Developing and managing Hotmail

HotmailThis interview
has already been picked up and commented
upon
(and /.’ed),
but if you have not yet taken a look, I recommend reading this ACM piece on
Hotmail, and what it means to manage one of the largest services of the web.
Hotmail runs on 10,000 servers and involves several petabytes of storage (i.e millions of gigabytes) and serves, according to this Wikipedia article, 221M users who are operating billions of e-mail transactions daily. It is
operated by 100 sysadmins, which is not that large a team.

Phil Smoot, the PM in charge of Hotmail product development out of the
Microsoft Silicon Valley campus, shares a number of insights – from which I
noted the following points regarding automation, versionning, capacity planning, impact analysis and QA:

  • QA is a challenge in the sense that mimicking Internet loads on our QA
    lab machines is a hard engineering problem. The production site
    consists of hundreds of services deployed over multiple years, and the
    QA lab is relatively small, so re-creating a part of the environment or
    a particular issue in the QA lab in a timely fashion is a hard problem.
    Manageability is a challenge in that you want to keep your
    administrative headcount flat as you scale out the number of machines.
  • [...] if you can manage five servers you should be able to manage tens of
    thousands of servers and hundreds of thousands of servers just by
    having everything fully automated—and that all the automation hooks
    need to be built in the service from the get-go. Deployment of bits is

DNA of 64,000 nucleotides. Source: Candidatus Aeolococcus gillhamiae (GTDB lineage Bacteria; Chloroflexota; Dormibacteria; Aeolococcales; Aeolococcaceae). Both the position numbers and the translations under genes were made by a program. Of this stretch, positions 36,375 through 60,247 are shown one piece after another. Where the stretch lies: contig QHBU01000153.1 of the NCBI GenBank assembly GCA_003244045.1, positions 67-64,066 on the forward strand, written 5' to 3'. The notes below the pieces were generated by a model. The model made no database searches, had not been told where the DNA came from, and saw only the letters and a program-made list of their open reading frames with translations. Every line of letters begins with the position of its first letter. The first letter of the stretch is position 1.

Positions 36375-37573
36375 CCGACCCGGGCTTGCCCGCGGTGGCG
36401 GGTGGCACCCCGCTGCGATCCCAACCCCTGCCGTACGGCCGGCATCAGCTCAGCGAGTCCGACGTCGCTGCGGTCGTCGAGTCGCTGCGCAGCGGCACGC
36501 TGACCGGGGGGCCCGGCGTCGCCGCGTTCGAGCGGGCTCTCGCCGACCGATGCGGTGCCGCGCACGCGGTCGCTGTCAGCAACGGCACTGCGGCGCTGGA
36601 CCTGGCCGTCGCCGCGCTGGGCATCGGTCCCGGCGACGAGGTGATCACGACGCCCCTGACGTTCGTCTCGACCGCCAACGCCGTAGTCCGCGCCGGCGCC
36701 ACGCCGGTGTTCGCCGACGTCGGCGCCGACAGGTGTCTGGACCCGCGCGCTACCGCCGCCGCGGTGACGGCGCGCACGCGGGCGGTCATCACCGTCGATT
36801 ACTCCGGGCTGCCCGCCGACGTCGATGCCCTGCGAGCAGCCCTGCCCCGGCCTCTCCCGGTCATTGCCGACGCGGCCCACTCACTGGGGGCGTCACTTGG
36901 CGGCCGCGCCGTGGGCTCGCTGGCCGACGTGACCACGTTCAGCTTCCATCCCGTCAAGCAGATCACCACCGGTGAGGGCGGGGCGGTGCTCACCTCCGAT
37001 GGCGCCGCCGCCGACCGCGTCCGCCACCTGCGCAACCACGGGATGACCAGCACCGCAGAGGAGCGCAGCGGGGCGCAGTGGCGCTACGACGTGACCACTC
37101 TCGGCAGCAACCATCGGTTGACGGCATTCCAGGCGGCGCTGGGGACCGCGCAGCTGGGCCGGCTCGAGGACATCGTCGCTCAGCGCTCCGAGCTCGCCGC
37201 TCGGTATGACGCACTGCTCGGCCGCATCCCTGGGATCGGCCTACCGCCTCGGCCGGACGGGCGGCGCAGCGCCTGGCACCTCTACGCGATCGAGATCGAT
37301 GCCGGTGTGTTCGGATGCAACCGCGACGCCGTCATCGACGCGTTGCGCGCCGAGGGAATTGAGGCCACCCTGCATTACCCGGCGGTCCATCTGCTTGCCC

an example of code that needs to be automated. You don’t want your
    administrators touching individual boxes making manual changes. But on
    the other side, we have roll-out plans for deployment that smaller
    services probably would not have to consider. For example, when we roll
    out a new version of a service to the site, we don’t flip the whole
    site at once.
  • We do some staging, where we’ll validate the new version on a server
    and then roll it out to 10 servers and then to 100 servers and then to
    1,000 servers—until we get it across the site. This leads to another
    interesting problem, which is versioning: the notion that you have to
    have multiple versions of software running across the sites at the same
    time. That is, version N and N+1 clients need to be able to talk to
    version N and N+1 servers and N and N+1 data formats. That problem
    arises as you roll out new versions or as you try different
    configurations or tunings across the site.
  • The big thing you think about is cost. How much is this new feature
    going to cost? A penny per user over hundreds of millions of users gets
    expensive fast. Migration is something you spend more time thinking
    about over lots of servers versus a few servers. For example, migrating
    terabytes worth of data takes a long time and involves complex capacity